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Post  Admin on Fri May 01, 2009 9:57 pm

Hrothgaard discusses events with Wulfram.
Shares information, in their own Scandanavian tongue, so the others on the raft will not understand.

"What have you seen since arriving here?" Wulfram asks.

Hrothgaard shrugs and replies that he has seen "a ruined tower" and he says he has wandered through "an abandoned, overgrown hamlet that lies further west of the stone circle, where the druids were encountered."

"What is this place?" Hrothgaard asks.

"This is the Woedenwood, infested by many of Liki's minions," Wulfram replies. "I am confused; why would you end up here? Why would Loki send you to a place where you could exact vengeance? What is the last thing you remember?"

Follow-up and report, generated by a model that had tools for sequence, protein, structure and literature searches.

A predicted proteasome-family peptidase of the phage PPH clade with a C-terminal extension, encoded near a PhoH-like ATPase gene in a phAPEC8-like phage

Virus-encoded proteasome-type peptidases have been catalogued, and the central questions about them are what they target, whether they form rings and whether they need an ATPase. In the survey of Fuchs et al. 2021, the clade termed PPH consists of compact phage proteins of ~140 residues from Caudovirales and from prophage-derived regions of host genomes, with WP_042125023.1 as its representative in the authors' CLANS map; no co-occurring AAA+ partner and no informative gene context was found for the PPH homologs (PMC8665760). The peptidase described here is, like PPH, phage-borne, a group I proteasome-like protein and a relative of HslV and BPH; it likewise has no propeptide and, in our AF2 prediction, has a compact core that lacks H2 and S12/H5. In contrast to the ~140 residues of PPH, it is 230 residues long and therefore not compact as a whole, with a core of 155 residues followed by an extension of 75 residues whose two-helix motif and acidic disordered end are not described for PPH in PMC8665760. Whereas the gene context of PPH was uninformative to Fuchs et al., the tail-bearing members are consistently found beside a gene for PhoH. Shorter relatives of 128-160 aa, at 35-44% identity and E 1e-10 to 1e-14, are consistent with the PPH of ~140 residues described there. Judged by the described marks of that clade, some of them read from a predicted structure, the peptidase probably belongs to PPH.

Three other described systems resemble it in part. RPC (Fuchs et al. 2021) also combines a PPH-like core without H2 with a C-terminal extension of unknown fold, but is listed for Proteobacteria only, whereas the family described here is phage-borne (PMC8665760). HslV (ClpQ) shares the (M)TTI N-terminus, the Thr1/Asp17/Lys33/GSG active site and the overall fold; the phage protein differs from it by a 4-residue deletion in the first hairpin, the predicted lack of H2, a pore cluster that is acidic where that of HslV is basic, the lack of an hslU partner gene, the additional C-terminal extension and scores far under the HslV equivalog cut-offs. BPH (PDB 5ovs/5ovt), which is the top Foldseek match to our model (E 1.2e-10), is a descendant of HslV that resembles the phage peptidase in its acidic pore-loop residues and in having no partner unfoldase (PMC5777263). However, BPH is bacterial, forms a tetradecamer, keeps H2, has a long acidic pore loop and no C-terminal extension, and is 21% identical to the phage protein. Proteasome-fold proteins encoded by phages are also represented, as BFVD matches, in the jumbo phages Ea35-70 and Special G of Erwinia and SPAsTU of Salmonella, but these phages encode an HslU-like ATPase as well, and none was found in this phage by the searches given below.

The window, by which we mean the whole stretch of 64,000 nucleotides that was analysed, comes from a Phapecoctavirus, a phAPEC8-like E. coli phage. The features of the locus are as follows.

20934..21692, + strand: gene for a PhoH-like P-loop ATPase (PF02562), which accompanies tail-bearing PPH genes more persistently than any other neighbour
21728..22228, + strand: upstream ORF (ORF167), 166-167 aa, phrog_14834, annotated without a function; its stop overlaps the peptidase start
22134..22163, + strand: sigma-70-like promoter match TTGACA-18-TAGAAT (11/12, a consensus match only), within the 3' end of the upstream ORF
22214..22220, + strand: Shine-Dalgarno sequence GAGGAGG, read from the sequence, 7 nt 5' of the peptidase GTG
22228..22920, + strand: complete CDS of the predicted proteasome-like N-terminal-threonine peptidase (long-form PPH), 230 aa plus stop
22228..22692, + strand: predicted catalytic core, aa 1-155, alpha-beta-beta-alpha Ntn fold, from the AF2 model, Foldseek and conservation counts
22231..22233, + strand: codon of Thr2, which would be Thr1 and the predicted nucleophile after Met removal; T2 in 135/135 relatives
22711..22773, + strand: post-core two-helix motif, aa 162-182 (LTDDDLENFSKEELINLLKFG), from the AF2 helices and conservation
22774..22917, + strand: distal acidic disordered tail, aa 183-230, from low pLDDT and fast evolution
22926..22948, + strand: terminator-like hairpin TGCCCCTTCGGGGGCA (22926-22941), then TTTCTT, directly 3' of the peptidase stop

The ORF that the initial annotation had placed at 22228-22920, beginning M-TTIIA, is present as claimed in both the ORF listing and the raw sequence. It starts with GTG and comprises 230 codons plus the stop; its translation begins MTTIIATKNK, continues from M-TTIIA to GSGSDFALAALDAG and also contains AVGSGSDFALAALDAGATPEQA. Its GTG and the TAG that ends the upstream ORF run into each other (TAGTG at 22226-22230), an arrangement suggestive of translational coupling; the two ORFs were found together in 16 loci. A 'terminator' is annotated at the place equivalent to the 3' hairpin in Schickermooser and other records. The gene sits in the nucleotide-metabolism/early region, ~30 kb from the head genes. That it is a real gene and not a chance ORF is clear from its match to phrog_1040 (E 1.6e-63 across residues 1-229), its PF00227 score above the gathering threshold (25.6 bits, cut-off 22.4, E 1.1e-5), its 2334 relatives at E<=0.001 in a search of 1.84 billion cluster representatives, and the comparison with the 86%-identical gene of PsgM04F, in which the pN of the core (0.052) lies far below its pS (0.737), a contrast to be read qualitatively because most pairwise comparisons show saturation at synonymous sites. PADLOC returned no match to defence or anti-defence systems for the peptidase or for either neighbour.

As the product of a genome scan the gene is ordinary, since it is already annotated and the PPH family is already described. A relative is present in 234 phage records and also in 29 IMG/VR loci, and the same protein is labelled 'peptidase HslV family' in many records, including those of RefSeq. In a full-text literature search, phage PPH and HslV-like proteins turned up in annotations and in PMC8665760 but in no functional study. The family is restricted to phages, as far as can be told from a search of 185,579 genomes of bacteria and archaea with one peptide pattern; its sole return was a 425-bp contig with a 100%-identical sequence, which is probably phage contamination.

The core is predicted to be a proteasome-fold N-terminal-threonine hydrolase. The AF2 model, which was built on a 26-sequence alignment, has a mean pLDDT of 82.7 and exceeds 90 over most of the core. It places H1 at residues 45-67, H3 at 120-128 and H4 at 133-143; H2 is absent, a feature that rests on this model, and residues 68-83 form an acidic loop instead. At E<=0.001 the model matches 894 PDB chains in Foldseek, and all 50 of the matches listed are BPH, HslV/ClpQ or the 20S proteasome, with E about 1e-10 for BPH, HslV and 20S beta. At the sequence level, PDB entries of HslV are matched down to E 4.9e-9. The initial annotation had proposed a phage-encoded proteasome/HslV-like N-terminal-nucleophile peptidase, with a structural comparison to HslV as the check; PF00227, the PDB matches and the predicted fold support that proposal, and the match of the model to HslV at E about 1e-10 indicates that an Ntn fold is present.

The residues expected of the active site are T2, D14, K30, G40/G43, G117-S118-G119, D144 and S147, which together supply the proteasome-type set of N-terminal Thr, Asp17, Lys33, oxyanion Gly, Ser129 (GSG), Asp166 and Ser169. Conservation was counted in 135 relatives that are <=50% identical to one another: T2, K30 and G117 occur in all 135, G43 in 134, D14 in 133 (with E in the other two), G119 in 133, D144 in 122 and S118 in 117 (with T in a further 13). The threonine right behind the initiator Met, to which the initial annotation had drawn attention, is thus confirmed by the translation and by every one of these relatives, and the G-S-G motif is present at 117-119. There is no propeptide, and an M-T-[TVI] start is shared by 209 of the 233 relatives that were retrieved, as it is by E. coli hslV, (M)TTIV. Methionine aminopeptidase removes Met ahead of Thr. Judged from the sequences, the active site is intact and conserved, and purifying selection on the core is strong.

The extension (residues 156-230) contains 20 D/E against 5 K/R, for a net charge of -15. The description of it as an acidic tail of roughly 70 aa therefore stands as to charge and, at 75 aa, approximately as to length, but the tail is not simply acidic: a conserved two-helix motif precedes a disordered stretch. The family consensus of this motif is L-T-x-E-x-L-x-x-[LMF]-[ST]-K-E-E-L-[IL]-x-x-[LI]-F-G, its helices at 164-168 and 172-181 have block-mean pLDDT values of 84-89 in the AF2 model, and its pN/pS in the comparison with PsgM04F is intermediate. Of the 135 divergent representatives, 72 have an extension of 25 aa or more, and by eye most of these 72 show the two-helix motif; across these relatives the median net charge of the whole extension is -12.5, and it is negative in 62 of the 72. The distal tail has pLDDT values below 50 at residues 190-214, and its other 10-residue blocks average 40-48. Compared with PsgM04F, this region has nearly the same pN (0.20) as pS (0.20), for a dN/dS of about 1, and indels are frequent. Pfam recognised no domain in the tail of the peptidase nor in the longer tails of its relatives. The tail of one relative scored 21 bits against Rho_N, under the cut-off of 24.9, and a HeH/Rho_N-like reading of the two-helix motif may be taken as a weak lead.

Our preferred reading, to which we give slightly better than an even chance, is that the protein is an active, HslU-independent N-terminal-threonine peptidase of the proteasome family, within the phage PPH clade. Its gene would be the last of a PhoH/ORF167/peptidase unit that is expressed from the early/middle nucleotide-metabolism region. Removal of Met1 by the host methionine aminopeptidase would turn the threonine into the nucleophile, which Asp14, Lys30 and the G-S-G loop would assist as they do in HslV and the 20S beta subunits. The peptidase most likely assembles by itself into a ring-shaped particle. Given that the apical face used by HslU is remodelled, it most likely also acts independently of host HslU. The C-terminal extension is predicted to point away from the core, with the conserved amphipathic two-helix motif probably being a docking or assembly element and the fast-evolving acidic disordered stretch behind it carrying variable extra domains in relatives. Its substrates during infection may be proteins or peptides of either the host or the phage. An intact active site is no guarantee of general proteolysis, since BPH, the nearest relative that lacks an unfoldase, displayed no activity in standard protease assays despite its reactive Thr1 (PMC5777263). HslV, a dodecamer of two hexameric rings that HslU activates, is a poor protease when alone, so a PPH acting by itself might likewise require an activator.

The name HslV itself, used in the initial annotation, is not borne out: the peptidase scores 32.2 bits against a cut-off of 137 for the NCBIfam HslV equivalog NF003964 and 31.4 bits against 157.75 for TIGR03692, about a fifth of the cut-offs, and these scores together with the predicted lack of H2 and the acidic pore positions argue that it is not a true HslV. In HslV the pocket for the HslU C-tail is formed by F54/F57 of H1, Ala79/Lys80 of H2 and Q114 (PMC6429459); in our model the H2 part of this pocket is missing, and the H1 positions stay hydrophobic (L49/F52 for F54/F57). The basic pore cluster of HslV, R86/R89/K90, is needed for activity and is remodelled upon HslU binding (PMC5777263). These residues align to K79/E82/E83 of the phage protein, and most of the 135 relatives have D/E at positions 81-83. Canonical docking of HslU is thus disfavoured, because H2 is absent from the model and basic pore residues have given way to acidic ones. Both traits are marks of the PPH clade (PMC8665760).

Hrothgaard is silent for a moment as he recalls his arrival. "I was fighting, surrounded by many foes. I beat them down with my hammer then Loki strode forward casting all aside to confront me. He skewered me upon his spear and I felt it scrape against my ribs and pierce my heart and sever my spine. Then everything went black ... and I woke up here, in this woodland ... this Woedenwood as you call it."

Hrothgaard tells Wulfram "he would not be surprised if more of your kinsmen and my own were banished here. If Ragnarok is truly coming then the final battle will be fought on many fronts. Perhaps this world is one of them."

"We are between worlds, we are not in our world of fjords, ice and snow and ... we're not in Asgaard, Midgaard, perhaps. It seems that all these other people died elsewhere and were brought here by others whom we do not know," Wulfram tells him.